A 2021 survey published in the Journal of Business Venturing found that the success rate for people who launch a business in their 20s is roughly the same as for those who begin entrepreneurship in their 50s. These are groundbreaking results that provide a fresh perspective from the popular notion that twenty-somethings are best-positioned to start and run successful businesses.
However, even these groundbreaking findings grossly ignore an entire generation of firestarters in the world of business: those who started their own enterprises before even hitting 20. That demographic has Gateway Giveaways founder and owner Carter Jamison as one of its leaders.
With three mobile app startups and a highly successful celebrity giveaway agency under his belt, Carter Jamison’s clients can hardly believe he’s currently a senior high student. Whenever he reveals that a team of 56 kids from his high school is getting paid commission to bring him client leads, the confusion becomes even more evident.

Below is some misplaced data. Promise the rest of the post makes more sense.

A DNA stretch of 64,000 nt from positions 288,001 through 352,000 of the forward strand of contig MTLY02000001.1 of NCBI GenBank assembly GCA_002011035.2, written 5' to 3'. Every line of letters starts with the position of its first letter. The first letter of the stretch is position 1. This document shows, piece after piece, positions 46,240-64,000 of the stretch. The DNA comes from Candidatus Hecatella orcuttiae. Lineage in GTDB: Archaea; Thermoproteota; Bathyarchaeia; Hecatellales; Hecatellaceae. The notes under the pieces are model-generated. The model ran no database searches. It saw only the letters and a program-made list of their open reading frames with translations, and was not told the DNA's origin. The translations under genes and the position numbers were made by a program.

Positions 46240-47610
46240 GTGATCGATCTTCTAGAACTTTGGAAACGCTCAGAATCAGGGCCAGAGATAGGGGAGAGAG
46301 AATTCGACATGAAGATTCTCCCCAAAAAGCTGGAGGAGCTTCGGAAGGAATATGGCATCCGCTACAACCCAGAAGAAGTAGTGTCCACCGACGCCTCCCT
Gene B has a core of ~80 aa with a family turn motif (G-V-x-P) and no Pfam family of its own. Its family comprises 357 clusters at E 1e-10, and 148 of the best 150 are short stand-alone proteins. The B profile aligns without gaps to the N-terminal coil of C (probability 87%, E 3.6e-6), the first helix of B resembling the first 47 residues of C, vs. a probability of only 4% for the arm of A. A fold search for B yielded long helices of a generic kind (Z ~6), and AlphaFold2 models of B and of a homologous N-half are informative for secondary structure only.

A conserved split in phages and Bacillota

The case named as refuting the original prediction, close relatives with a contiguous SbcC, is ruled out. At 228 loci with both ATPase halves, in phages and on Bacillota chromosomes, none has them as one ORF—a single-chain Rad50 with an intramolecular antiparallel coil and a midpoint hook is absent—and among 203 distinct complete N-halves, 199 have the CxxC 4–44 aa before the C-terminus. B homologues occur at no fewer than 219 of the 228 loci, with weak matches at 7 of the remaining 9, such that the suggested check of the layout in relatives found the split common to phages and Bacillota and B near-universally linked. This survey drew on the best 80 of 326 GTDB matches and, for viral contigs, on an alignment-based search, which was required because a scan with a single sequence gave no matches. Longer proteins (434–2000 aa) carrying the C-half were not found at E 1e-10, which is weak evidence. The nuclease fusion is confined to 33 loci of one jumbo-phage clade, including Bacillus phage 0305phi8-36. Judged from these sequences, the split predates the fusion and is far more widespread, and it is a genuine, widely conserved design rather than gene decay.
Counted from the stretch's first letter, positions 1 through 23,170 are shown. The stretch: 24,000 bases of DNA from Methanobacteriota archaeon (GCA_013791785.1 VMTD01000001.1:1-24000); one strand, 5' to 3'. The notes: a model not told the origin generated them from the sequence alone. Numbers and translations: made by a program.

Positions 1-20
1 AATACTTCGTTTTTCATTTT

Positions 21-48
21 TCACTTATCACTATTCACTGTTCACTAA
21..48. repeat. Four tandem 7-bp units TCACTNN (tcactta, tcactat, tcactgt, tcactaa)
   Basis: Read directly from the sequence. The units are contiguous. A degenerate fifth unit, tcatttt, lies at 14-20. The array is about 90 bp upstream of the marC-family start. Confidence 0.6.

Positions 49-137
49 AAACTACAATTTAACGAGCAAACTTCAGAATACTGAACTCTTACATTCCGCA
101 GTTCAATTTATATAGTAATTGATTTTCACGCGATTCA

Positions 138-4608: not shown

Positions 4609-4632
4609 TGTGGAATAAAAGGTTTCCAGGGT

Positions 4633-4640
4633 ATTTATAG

Carter shrugs this off, well aware that other people his age are typically preoccupied with other things that are more attuned with the careless nature of youth. Still, Carter could not wait even a few years to get started on building his dream.
“Honestly, what influenced me to get to where I am today was my drive for wanting to be able to buy whatever I want, whenever I want,” he says. “I believe that mindset is everything; whoever is the most hungry for what they are working for will always end up on top even if they started at the bottom of the barrel.”
Like most young entrepreneurs, Carter Jamison sometimes struggles with distractions. His best advice to those who want to manage their time better is ingeniously simple: know one’s goals and stick to them.
“I have noticed when I get distracted by things that aren’t a part of my goals, like girls and girlfriends, that I end up wasting tons of money and time when I could be working,” he says. “The distractions are very fun and tempting but everytime they make me feel regretful, wishing I spent my time grinding my brand on my phone instead.”
Carter also likes to remind himself that if he stops working hard even just for a while, someone more hungry for success might come along and overtake his past efforts.
“Personally, I have outworked tons of competitors out of the water and scaled myself after seeing them be complacent about where they are currently,” he says.
With this mindset in tow, Carter Jamison plans to launch two more apps and to make $1 million in profit per month within the next five years.
“I will keep working daily until these goals are achieved, and from there, I will only go higher.”